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Roman Britain is usually thought of as a land full of togas, towns and baths with Britons happily going about their Roman lives under the benign gaze of Rome. This is, to a great extent, a myth that developed after Roman control of Britain came to an end, in particular when the British Empire was at its height in the late nineteenth and early twentieth centuries. In fact, Britain was one of the least enthusiastic elements of the Roman Empire. The rthern part of Britain was never conquered at all despite repeated attempts. Some Britons adopted Roman ways in order to advance themselves and become part of the new order, or just because they liked the new range of products available. However, many failed to ackwledge the Roman lifestyle at all, while many others were only outwardly Romanised, clinging to their own identities under the occupation. Britain never fully embraced the Empire and was itself never fully accepted by the rest of the Roman world. Even the Roman army in Britain became chronically rebellious and a source of instability that ultimately affected the whole Empire. As Roman power weakened, the Britons abandoned both Rome and almost all Roman culture, and the island became a land of warring kingdoms, as it had been before.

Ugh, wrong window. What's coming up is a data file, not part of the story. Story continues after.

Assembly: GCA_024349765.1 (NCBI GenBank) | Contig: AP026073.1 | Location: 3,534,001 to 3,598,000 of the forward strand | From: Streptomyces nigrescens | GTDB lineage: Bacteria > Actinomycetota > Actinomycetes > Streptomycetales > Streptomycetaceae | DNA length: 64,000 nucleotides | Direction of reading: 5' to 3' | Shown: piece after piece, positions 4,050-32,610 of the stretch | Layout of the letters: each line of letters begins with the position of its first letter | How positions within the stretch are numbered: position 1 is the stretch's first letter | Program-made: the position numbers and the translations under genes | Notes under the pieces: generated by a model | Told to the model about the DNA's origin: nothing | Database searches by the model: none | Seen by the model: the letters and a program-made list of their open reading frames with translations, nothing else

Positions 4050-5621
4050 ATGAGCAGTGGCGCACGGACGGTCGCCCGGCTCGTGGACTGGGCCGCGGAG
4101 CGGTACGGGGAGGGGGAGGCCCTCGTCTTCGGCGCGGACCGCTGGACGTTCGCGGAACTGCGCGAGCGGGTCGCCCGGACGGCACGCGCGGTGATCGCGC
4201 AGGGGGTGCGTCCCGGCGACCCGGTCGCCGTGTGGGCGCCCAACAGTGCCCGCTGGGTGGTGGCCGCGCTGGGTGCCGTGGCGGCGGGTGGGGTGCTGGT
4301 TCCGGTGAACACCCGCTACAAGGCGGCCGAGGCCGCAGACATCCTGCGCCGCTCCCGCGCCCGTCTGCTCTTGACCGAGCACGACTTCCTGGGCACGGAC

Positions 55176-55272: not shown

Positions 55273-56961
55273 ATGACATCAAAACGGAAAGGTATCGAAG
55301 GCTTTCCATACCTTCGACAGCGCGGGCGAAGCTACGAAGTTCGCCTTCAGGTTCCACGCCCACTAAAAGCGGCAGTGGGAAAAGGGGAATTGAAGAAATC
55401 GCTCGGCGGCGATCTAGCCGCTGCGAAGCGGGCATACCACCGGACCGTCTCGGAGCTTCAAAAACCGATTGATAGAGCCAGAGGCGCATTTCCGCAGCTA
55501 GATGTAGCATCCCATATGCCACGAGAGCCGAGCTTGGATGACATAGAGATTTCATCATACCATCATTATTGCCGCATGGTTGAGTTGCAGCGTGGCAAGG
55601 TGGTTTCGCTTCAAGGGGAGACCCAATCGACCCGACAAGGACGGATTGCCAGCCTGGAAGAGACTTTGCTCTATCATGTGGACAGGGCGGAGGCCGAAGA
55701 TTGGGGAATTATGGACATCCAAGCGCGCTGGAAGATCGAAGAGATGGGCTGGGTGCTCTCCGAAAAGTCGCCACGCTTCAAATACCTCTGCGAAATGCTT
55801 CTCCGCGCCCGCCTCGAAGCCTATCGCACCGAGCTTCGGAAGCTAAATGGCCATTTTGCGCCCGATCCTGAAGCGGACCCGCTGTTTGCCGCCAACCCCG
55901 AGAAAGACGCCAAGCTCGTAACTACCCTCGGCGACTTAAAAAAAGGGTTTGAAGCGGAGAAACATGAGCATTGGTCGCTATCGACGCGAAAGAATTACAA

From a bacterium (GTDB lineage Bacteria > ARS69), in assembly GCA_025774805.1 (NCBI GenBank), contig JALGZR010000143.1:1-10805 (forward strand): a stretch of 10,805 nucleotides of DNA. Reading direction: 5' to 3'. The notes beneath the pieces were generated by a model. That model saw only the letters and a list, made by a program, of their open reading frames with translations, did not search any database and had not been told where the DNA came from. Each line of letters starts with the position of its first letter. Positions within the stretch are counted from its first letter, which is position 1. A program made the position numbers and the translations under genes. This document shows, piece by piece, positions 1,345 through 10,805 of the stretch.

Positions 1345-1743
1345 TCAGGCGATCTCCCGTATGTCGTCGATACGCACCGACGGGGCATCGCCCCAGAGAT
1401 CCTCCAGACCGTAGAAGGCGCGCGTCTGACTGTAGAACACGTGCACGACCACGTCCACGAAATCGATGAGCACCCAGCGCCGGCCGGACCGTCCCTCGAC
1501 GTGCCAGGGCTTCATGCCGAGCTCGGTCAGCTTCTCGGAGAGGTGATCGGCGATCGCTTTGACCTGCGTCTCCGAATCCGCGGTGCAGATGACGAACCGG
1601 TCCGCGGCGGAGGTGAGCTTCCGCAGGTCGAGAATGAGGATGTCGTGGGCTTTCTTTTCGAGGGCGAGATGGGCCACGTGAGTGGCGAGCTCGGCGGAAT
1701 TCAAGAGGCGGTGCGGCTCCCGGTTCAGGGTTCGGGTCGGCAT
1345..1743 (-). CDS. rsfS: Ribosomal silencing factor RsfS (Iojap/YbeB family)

Dr Miles Russell is a Senior Lecturer in Archaeology at Bournemouth University. His earlier book, Piltdown Man: The Secret Life of Charles Dawson, was nominated for the British Archaeological Book Award in 2004. Stuart Laycock is an historian and writer. His earlier book, Britannia: The Failed State, was nominated for Current Archaeology Book of the Year 2009.